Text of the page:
Regarding the status of French case law on the subject, a French court recently ruled that the French dividend withholding tax was an infringement on the free movement of capital guaranteed by the TFEU, in line with the position held by judges in the ECJ Judgment and under very similar circumstances.
In this case, French withholding tax had been levied on dividends distributed by two French companies to a Luxembourg shareholder holding 0.011% and 1.34%, respectively, of the share capital of the distributing French companies. The withholding tax had been levied at the reduced rate of 15% provided for by the French- Luxembourg tax treaty, carrying a non-refundable tax credit equal to the French withholding tax which could be offset against the income tax levied on such income in Luxembourg. However, since the Luxembourg recipient company was in a loss-making position, it was not in a position to use this tax credit to eliminate the French withholding tax burden.
The French court ruled that the French withholding tax mechanism did not eliminate the tax burden in the particular case where considering the loss-making position of the recipient company, the corresponding tax credit could not be used. As a result, the court considered that the mechanism was discriminatory against non- French companies, given that French recipients would not suffer any taxation under the same circumstances.
However, since this decision was rendered by an administrative court of appeal (French administrative Court of appeal of Versailles 10) and not by a Supreme Court, it does not allow the filing of a refund claim under the above-mentioned section L. 190 procedure. The French tax authorities have filed an appeal against the judgment. If the French Supreme Administrative Court confirms the judgment, European companies should have valid grounds to file a refund claim under the section L. 190 procedure.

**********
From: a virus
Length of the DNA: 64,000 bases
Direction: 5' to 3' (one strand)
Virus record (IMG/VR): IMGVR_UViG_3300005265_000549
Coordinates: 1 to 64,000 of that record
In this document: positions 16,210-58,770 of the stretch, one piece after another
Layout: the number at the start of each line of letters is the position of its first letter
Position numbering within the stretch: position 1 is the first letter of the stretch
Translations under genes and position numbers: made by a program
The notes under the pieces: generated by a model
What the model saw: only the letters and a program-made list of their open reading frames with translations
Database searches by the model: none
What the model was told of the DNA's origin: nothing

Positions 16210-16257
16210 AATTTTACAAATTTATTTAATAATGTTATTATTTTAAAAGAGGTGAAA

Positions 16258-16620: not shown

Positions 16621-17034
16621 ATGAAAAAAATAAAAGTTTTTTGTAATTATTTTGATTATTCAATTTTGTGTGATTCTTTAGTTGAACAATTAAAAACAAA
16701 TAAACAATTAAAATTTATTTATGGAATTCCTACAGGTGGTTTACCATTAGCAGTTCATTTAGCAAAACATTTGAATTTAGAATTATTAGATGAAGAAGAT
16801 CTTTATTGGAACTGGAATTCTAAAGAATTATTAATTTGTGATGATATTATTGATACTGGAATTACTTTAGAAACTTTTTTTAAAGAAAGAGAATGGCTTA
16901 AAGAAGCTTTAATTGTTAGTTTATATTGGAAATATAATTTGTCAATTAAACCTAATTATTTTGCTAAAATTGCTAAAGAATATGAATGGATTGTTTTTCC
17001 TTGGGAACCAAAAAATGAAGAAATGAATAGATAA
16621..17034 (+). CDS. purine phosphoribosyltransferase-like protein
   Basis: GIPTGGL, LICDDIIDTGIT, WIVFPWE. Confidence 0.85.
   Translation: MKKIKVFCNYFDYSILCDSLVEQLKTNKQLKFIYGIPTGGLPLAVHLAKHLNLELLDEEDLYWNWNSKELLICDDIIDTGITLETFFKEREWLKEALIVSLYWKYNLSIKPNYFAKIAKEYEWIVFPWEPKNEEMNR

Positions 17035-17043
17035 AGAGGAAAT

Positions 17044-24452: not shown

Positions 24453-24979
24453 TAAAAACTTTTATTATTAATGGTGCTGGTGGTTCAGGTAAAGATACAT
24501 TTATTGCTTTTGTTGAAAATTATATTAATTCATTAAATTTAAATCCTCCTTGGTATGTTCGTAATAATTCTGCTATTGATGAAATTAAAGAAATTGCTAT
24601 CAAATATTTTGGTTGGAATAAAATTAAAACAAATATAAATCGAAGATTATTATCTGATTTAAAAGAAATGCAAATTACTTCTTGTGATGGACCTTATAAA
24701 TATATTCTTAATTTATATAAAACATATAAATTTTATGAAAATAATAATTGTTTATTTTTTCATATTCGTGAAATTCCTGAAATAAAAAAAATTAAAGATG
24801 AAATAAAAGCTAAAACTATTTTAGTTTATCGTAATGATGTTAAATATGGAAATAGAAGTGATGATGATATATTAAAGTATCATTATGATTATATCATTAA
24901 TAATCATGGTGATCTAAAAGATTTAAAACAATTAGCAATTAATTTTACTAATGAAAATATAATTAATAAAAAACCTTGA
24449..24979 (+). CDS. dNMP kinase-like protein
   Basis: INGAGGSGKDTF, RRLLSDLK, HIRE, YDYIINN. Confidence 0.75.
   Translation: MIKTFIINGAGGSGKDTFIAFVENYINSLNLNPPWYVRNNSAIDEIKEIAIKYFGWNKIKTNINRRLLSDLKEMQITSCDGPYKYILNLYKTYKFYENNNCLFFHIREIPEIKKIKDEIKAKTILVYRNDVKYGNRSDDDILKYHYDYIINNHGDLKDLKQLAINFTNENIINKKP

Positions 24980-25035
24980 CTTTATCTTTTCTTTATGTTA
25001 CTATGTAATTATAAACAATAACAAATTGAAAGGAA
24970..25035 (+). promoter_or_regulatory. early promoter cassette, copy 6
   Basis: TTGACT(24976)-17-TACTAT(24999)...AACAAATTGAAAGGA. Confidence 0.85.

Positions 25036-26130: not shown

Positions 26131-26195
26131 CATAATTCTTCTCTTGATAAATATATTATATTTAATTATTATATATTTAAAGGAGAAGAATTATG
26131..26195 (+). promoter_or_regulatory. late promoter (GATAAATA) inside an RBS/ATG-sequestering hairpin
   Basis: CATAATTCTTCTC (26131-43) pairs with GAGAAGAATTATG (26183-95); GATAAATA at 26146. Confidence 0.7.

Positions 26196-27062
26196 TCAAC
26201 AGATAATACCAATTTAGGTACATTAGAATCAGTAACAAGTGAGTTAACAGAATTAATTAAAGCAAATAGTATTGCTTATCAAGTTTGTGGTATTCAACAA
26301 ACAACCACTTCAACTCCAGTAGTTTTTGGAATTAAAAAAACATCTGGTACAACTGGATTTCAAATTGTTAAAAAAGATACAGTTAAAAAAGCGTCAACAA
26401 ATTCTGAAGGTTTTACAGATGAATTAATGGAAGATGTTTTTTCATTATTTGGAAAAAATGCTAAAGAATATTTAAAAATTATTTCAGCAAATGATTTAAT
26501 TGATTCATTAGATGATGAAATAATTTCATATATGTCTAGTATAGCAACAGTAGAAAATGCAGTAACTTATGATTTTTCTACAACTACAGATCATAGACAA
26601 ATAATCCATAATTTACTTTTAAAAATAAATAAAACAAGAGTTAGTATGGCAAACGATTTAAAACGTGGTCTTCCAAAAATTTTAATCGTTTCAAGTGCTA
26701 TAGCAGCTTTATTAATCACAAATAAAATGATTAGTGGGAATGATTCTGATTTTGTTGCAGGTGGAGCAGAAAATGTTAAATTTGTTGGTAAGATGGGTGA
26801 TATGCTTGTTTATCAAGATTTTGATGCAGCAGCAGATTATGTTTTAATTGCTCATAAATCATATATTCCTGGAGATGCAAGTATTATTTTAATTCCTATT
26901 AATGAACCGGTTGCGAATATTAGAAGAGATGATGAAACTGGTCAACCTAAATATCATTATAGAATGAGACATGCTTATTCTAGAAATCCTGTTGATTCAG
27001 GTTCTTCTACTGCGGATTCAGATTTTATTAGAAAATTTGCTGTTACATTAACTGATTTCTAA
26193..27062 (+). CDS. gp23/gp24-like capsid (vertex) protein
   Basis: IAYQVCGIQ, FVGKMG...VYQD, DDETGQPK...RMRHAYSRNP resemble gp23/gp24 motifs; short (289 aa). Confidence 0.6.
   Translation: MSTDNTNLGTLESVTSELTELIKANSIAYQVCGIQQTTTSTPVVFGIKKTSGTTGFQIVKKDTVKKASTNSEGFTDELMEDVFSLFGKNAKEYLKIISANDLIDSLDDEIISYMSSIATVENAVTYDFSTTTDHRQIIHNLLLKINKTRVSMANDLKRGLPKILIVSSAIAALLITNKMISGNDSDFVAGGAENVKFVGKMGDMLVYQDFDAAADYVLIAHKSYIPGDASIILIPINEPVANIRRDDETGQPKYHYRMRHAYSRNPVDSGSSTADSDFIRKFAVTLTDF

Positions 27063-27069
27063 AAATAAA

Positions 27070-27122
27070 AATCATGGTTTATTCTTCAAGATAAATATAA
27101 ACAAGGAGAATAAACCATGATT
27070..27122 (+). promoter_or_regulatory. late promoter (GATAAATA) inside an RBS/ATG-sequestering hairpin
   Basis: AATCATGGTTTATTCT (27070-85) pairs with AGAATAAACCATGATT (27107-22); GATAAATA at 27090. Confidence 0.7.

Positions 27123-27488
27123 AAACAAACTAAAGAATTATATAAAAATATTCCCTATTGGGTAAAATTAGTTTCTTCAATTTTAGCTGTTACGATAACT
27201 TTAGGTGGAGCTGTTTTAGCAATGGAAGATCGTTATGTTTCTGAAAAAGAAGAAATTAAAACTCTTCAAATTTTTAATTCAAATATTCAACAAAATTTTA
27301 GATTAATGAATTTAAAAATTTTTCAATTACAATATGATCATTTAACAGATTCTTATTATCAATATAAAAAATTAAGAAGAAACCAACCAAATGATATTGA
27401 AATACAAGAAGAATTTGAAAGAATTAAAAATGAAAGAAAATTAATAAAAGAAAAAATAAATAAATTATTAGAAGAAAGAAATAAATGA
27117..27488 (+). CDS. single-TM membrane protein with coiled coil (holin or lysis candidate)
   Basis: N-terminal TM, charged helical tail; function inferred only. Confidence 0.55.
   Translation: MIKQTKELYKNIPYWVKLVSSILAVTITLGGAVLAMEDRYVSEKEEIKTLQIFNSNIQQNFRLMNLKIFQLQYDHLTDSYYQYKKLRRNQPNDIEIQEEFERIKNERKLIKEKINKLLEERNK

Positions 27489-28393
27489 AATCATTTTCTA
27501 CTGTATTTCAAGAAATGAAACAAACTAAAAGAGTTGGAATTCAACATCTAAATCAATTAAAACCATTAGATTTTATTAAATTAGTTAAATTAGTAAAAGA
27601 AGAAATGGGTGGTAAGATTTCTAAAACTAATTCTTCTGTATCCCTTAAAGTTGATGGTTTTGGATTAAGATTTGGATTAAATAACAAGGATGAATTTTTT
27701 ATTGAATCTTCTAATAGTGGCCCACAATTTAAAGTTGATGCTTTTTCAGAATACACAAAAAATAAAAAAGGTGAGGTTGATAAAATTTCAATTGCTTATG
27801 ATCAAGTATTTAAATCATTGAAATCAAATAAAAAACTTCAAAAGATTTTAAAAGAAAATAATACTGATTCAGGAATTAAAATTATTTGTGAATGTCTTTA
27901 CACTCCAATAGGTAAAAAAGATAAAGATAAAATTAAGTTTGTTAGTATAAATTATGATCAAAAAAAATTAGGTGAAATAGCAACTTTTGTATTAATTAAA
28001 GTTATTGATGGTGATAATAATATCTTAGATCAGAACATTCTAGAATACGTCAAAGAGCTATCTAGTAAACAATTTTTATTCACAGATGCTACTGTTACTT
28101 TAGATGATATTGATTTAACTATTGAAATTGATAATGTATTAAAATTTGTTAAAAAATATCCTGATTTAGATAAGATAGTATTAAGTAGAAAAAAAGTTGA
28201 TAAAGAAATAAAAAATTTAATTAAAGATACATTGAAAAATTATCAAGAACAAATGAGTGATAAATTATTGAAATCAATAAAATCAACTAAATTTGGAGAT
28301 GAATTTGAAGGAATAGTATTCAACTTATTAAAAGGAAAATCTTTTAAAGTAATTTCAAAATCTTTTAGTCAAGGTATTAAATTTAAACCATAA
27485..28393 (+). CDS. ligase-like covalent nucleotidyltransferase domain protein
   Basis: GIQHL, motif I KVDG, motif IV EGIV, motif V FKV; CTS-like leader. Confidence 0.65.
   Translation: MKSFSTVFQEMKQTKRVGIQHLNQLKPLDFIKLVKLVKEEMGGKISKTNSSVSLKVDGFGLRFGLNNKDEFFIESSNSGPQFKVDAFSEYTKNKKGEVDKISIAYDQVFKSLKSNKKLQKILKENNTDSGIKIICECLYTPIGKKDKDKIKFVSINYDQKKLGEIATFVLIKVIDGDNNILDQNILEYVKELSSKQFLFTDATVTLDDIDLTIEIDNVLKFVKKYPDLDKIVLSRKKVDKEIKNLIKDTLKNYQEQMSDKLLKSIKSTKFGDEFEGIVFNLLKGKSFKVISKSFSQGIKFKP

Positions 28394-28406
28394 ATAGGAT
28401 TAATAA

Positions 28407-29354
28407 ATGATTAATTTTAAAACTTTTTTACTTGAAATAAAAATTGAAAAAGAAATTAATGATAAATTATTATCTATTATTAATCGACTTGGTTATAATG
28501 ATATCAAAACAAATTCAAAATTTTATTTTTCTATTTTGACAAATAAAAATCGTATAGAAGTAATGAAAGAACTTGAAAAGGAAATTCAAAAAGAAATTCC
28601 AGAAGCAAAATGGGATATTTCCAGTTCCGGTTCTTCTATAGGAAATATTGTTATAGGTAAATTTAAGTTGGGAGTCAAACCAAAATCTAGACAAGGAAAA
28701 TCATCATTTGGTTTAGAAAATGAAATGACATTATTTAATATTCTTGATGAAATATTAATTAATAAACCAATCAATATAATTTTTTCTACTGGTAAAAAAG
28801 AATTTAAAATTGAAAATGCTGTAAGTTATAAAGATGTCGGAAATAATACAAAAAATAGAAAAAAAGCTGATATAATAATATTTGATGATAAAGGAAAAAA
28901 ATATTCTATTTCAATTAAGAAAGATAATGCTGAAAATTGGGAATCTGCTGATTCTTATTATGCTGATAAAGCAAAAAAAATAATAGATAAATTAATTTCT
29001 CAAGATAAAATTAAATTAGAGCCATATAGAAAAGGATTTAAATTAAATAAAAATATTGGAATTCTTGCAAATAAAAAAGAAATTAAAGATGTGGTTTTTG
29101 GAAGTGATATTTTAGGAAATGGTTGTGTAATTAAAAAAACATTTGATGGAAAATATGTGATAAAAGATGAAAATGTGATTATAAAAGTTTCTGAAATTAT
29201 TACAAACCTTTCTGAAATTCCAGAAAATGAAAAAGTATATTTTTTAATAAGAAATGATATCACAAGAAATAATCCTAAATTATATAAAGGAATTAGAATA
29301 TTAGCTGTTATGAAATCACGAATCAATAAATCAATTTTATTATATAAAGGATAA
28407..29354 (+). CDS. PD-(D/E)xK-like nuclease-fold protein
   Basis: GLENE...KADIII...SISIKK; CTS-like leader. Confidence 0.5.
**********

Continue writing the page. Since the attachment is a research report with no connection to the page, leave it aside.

In any case, and although it will need to be confirmed, the decision rendered by the administrative court of appeal gives insight on the current position of French judges regarding the application of dividend withholding tax in Europe.
In parallel, it is worth mentioning another potential infringement, by France, on the free movement of capital. Such infringement relates to French source dividends paid to foreign pension and investment funds. These dividends are subject to a 30% withholding tax (subject to reduction under an applicable tax treaty) whereas they are tax exempt when paid to French funds.11
This difference in treatment has led the European Commission to file a suit against France before the ECJ on March 18, 2010, and, more recently, French courts (Tribunal de Montreuil) to raise the question of the compatibility of the French withholding tax on dividends paid to EU investments funds. As a result, the French Supreme Administrative Court referred the Montreuil case before the ECJ.12
Pursuant to the ECJ Judgment, non-German corporate shareholders are entitled to apply for a refund of the excess withholding tax paid on dividends received after January 1, 2008.
From a French perspective, no modification of the French dividend withholding tax mechanism has been proposed to date, either by the legislature or by the French tax authorities. However, although France is ahead of Germany as regards the alignment of domestic law with EU principles, there are still grounds for the EU courts to challenge the French withholding tax mechanism on outbound dividends. New developments are thus expected to arise, considering not only the latest judgments of the ECJ in this respect but also the pending case before the ECJ in respect of the French withholding tax levied on dividends paid to foreign funds. Since France is one country among others to discriminate between domestic and EU funds13, the outcome of such case could have a significant impact on the dividend withholding tax mechanism within European as a whole.